"This could be used to combat muscle weakness in the elderly, which leads to falls and contributes to hospitalizations," Auwerx says. "In addition, we think that this could be used as a basis for developing a treatment for genetic muscular dystrophy."

He added that if these results are confirmed in humans, there's no question they will attract interest from athletes as well as medical experts.


Wonder how long till this gets into sports.
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#2
inb4 superman.
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#6
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#7
Quote by moscaespañol
Wow, God's work is amazing!


Yeah, the universe is pretty crazy man.

I wonder what kind of drawbacks this has? It at least has to take more resources to get that extra muscle. Maybe it could lead to some kind of deficiency evolution saved us from through this inhibitor gene?
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#8
This would actually be awesome. I'm lucky enough that I'm not, but a bunch of members of my family have a hereditary autoimmune disease that's left them able to carry about 30 lbs., max.

I'm very curious though to hear the results once they look into side effects of this stuff, because I just can't see a normal person using it without something seriously bad - if there's no tangible reason to have that inhibitor, then it wouldn't have grown in the first place. For people who need it for medical reasons, it's great, but I just can't see this not shredding the bodies of normal people who use it.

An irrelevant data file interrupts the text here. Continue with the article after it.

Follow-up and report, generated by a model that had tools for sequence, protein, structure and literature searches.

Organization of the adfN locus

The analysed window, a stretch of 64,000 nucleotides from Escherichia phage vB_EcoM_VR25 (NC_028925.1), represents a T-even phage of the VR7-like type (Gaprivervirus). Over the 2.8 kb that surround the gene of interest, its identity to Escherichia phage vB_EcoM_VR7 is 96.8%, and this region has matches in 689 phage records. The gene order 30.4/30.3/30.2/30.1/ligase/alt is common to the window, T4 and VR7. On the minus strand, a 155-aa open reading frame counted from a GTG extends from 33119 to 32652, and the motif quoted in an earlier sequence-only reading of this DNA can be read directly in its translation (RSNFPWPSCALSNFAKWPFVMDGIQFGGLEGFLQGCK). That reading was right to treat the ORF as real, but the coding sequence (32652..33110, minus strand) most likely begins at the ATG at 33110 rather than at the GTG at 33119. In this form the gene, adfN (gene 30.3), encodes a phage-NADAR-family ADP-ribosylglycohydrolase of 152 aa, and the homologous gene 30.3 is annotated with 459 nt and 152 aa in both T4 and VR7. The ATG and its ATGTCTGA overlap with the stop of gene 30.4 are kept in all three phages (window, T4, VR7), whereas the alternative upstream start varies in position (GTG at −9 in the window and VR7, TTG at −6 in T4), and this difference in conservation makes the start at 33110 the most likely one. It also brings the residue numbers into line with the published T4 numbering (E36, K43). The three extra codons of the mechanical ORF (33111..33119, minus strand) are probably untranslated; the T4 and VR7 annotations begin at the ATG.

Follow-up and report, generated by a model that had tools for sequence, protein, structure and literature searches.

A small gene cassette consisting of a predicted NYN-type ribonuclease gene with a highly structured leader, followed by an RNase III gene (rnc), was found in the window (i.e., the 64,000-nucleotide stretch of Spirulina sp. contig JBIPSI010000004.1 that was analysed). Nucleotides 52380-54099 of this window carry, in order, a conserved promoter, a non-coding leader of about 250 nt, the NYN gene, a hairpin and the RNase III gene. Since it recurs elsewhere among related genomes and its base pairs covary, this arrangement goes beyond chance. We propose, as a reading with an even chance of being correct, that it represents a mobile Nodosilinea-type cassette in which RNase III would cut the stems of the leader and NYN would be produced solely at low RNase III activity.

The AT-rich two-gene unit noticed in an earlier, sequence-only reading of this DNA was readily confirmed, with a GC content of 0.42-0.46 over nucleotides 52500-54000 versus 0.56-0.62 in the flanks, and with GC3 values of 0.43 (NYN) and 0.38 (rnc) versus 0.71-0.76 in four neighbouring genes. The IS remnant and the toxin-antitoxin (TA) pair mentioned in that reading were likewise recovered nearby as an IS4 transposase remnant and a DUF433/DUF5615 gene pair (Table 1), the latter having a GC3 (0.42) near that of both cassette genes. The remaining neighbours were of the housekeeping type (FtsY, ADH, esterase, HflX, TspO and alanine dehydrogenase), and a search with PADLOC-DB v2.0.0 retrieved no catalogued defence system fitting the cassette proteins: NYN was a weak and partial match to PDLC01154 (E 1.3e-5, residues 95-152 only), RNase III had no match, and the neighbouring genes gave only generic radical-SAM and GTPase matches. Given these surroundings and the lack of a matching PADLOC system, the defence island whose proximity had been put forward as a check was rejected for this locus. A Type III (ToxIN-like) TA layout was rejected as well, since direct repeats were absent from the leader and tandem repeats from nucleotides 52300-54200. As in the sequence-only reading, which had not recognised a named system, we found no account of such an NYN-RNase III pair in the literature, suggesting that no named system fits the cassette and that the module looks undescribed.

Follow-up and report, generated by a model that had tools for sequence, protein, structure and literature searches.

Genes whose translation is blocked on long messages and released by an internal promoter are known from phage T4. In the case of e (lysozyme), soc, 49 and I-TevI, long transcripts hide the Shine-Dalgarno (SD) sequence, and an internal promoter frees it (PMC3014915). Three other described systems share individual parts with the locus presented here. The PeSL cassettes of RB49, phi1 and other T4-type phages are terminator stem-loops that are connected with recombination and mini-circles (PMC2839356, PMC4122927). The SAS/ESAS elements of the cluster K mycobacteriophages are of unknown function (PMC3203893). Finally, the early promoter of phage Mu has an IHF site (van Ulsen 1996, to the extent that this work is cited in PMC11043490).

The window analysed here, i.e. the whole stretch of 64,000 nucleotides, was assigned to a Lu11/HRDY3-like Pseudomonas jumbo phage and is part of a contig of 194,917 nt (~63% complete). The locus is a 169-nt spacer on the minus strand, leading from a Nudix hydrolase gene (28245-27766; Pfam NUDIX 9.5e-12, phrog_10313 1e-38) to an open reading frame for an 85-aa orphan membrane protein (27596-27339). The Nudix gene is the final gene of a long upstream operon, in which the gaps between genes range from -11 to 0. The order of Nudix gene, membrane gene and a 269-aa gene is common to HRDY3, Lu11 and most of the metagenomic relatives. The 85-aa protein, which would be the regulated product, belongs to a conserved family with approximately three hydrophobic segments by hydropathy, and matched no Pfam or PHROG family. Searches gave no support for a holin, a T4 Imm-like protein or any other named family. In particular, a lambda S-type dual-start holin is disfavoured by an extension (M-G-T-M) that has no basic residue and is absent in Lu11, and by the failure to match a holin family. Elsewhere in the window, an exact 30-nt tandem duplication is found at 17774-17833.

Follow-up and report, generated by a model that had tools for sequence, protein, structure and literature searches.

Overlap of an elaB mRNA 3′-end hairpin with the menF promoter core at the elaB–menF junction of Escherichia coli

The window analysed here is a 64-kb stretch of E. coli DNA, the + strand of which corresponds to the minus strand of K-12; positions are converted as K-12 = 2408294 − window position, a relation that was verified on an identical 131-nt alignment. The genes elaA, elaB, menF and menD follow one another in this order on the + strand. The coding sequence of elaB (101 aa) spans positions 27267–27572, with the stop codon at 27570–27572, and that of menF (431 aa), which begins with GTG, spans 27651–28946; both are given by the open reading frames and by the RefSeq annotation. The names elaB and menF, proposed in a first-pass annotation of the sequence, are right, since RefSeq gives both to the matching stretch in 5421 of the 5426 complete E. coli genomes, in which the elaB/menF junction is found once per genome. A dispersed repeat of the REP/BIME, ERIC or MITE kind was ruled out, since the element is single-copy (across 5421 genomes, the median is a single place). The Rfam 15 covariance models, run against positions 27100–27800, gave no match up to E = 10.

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#9
A comic I enjoy was originally what gave me a heads up on this, I think it's pretty cool discovery.The drug is called a myostatin fyi, if you want to find out more OP. But they actually already went as far as clinical trials on monkeys in 2009 (if you believe wikipedia) meaning the next step would be on humans. But according to the article they stopped even though they actually had a proof of concept drug that worked, but for whatever reason they stopped and you can't find it on the market (shame).
Last edited by BigHeadClan at Nov 22, 2011,
#12
Looks interesting, though I'm not convinced there would be no long-term implications from doing this to someone. Still, pretty applicable, so a good discovery.
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#13
Quote by JimDawson
I wonder what kind of drawbacks this has? It at least has to take more resources to get that extra muscle. Maybe it could lead to some kind of deficiency evolution saved us from through this inhibitor gene?


This is on my mind as well. There's almost certainly a reason why it's their in the first place.
#17
Quote by Mudmen190
This is on my mind as well. There's almost certainly a reason why it's their in the first place.

Because no-one wanted to plow the muscle bound chicks.

True story
#18
Quote by devourke
Because no-one wanted to plow the muscle bound chicks.

True story



Sexy, huh?
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#20
Quote by JimDawson
Yeah, the universe is pretty crazy man.

I wonder what kind of drawbacks this has? It at least has to take more resources to get that extra muscle. Maybe it could lead to some kind of deficiency evolution saved us from through this inhibitor gene?